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work with it as they go, digitize it as they go. The page camera feature embraces that.
WR: You provide some “smart stickers” along with the notebook that people can use to make sure that their digitized notebook pages get automatically tagged inside Evernote. Do you think a lot of people are going to use those?
JH: Tagging is still a relatively new concept for a lot of people. You are either a huge tagger or you don’t tag at all. The smart stickers are a way for people to get started in the world of tagging a Moleskine page. It’s a limited set of stickers, and we thought that if we gave people customization options, so that they can actually change what the stickers mean, then over time we would begin to get more feedback from customers about what they wanted. This is really Phase 1 of smart stickers. If we get some reactions to it we will see how we might evolve it further.
WR: Are you thinking about additional ways to integrate the paper and digital experiences?
JH: This is the first notebook and the first release of the page camera, so yes, we’re already thinking about ways to make it better and improve the experience. What we really want, now, is for customers to experience this and to start talking about it to us and to each other, so that we can begin to weave their requirements into how we evolve the page camera as well as the physical notebook.
WR: Do you have any favorite examples of stuff that people are doing with their smart notebooks?
JH: We just started shipping, but I have seen some references to writers who are taking notes with their Moleskine notebooks, and then using the page camera to enter that into Evernote, and then associating other content with the digital note. From there, they can start associating notes together and identifying them as part of the research for a book or an article. Or maybe you are using the Web clipper and capturing information about lots of subjects—now you can have your physical notes brought into that same notebook on Evernote.
Another example I saw was a creative collaboration, where somebody was sketching in the Moleskine notebook and using Evernote to get it into a shared notebook, where other people could then view the information and act upon it. That is a really interesting use case. When you think about it, in Web development, and in some of the visual arts, a lot of it is collaboration, but when an idea originates on paper it’s really hard to share it. With the Evernote integration things can be shared nearly instantly.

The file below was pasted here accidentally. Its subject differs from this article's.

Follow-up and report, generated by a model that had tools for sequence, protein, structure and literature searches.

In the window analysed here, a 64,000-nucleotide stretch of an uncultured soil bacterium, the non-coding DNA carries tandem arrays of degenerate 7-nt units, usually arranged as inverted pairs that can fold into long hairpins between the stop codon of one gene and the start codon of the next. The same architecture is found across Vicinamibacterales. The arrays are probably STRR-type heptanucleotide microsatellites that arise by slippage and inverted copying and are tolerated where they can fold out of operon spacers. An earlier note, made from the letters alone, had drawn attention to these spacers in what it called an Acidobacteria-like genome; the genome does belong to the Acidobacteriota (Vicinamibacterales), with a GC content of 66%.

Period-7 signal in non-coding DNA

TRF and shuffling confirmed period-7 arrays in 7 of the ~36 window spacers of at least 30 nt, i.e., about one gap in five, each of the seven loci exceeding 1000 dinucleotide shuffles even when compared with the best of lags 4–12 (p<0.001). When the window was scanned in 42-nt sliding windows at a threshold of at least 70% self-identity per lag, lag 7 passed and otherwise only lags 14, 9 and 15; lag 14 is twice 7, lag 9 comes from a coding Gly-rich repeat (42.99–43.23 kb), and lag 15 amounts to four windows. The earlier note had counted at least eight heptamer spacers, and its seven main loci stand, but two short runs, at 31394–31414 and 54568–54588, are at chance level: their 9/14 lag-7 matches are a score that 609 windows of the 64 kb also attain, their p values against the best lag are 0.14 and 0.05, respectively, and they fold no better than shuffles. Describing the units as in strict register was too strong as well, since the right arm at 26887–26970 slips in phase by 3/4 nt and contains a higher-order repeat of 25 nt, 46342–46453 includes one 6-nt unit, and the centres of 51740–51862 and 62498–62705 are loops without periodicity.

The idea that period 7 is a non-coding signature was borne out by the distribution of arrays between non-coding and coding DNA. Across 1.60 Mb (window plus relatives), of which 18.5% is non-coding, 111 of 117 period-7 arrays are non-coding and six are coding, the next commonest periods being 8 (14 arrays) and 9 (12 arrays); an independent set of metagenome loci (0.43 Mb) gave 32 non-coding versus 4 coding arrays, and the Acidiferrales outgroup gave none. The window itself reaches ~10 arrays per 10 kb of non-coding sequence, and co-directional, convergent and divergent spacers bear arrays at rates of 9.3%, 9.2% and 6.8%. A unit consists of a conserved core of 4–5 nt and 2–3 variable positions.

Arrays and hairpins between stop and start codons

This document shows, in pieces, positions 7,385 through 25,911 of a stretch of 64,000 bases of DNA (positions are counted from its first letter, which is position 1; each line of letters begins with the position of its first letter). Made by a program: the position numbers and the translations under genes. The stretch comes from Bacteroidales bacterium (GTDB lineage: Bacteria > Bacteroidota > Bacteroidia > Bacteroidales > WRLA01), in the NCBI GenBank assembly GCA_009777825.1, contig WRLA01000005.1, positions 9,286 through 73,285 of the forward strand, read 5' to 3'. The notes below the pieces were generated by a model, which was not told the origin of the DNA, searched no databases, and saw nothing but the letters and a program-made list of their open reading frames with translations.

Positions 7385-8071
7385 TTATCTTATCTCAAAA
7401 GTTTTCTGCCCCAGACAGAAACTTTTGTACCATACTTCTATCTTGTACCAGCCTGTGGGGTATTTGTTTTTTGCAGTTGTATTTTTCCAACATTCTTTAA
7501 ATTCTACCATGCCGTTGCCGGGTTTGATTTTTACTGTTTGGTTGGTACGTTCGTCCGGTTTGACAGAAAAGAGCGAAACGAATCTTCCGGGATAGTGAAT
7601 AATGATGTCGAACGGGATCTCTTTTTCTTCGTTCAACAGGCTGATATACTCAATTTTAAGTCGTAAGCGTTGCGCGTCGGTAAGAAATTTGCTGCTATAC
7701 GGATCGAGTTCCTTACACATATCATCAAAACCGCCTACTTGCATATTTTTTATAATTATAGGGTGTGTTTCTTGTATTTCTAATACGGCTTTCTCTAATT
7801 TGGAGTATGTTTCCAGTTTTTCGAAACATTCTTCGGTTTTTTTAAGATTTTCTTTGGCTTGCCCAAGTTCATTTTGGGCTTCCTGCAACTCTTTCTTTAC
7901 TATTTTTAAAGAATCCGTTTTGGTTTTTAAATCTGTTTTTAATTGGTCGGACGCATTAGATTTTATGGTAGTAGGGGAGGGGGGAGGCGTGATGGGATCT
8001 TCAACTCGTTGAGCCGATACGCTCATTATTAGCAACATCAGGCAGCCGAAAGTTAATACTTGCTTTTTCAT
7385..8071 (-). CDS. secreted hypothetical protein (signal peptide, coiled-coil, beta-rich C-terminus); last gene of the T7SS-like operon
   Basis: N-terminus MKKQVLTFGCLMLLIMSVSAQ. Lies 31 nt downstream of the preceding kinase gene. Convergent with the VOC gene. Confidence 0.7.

WR: It seems like the Moleskine partnership is in line with some of the other things Evernote has been doing lately to bridge the gap between the digital world and the real, physical world. I’m thinking about dedicated Evernote apps like Hello, for keeping track of the people you meet, and Food, for storing pictures and information about your restaurant meals. In the long run, do you think Evernote sees itself as a hybrid online-offline company?
JH: This gets back to what we were talking about earlier—how are people most comfortable? How do they want to work? Our tools should embrace that rather than redirect that and say “Sorry, you can’t be creative that way, you have to be creative this way.” If you want to work in a Moleskine notebook and that is where you are most comfortable, we are going to help you do that.
We can look at all sorts of different hybrid environments, because the real world is a hybrid environment. We have a paper life and a digital life and I don’t think we need to draw lines between them. Evernote is a company that can bridge both sides and do it quite well. The reaction [to the Smart Notebook] has been very positive so far, and the team is really jazzed about where we can go from here.
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